I am just getting into using the mill head and finding it as good as the lathe.
When I set it up after moving house last year I checked it by stripping a 2 inch length of 3/4 rod down to 3/8 using only the markings on the cross slide feed and auto feed on the bed. On checking with a micrometer at the end of the exercise the rod was within 1.5 thou. I have no idea if this is good or bad but is good enough for me. Under normal circumstances I would have been checking the dia with a mic long before getting close to the final cut.
Thread: Frames are wrong!
14/08/2009 09:23:36
Hi Peter,
I too have made the frames and asked a simailar question of Jason somewhere on the footplate thread. The answer I recieved was scarey to say the least and included shortening the boiler among many other things.
It's a pain but I started marking out a new set of frames last night. The originals are destined for the 'black museum'.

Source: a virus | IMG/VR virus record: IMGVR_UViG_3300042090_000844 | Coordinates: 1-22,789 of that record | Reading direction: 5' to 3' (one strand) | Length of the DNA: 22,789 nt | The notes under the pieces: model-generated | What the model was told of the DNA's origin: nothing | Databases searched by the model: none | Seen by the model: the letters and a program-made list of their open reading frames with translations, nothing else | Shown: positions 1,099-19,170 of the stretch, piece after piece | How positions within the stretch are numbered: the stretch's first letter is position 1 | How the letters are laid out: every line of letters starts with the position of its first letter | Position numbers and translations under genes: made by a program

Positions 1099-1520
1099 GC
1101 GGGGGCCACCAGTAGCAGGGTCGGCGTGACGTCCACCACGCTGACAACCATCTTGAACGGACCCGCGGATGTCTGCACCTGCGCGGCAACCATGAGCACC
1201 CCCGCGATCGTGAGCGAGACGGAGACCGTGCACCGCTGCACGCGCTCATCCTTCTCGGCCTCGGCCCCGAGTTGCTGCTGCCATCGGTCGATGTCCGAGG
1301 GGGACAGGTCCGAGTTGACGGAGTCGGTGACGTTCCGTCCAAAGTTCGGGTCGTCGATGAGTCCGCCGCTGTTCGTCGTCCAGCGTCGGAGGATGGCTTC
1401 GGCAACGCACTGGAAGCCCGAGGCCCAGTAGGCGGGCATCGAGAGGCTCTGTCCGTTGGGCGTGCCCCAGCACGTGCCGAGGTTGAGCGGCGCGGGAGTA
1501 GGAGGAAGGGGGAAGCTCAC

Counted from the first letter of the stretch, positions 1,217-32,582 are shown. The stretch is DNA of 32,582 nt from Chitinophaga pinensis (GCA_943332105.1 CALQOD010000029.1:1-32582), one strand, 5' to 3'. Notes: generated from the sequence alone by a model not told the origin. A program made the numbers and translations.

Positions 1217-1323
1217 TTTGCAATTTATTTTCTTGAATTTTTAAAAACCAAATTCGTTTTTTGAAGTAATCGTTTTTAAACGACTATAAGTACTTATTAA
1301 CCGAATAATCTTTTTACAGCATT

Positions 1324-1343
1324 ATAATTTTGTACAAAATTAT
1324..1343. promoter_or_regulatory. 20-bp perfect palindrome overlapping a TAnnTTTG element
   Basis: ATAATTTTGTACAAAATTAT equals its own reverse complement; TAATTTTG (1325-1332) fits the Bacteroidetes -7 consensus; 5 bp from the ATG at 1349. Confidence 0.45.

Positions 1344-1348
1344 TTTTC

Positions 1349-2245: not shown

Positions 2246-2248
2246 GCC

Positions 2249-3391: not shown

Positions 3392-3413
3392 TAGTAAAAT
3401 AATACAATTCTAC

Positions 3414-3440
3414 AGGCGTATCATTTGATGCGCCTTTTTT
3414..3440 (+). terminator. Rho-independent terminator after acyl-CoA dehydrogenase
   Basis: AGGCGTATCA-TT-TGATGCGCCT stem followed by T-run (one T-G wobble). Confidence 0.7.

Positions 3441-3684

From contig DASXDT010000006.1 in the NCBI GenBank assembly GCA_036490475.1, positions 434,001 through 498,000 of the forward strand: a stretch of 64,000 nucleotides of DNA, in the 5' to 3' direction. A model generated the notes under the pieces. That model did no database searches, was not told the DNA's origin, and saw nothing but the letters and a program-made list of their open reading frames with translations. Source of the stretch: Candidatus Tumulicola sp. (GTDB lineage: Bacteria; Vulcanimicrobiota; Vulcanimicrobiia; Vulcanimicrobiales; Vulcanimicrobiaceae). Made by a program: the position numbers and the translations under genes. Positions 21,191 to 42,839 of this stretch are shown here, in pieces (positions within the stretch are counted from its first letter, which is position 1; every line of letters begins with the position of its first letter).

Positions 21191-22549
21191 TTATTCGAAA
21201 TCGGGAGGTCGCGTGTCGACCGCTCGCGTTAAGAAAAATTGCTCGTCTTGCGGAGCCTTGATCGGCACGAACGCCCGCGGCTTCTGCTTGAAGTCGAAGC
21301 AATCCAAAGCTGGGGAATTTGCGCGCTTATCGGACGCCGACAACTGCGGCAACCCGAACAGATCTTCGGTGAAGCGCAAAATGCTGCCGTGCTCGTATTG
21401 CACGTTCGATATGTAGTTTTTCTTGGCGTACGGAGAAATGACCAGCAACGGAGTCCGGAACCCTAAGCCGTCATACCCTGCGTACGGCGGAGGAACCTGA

Regards, Chris.
11/08/2009 20:17:08
I have just discovered on a different section of this site that it has been confirmed that the drawings for the frames were indeed wrong and anyone who has made them to the existing drawings is faced with a fresh start.
My thanks in particular to JasonB who has helped so much in sorting out this problem No way could I have argued the case in the knowledgable way you did Jason.
I am adding this thread to inform others who perhaps like me have been making daily visits to this section hoping for a reply when the discussion has been raging on in the Model Engineer section.
Thread: Frames are wrong!
11/08/2009 20:15:21
I have just discovered on a different section of this site that it has been confirmed that the drawings for the frames were indeed wrong and anyone who has made them to the existing drawings is faced with a fresh start.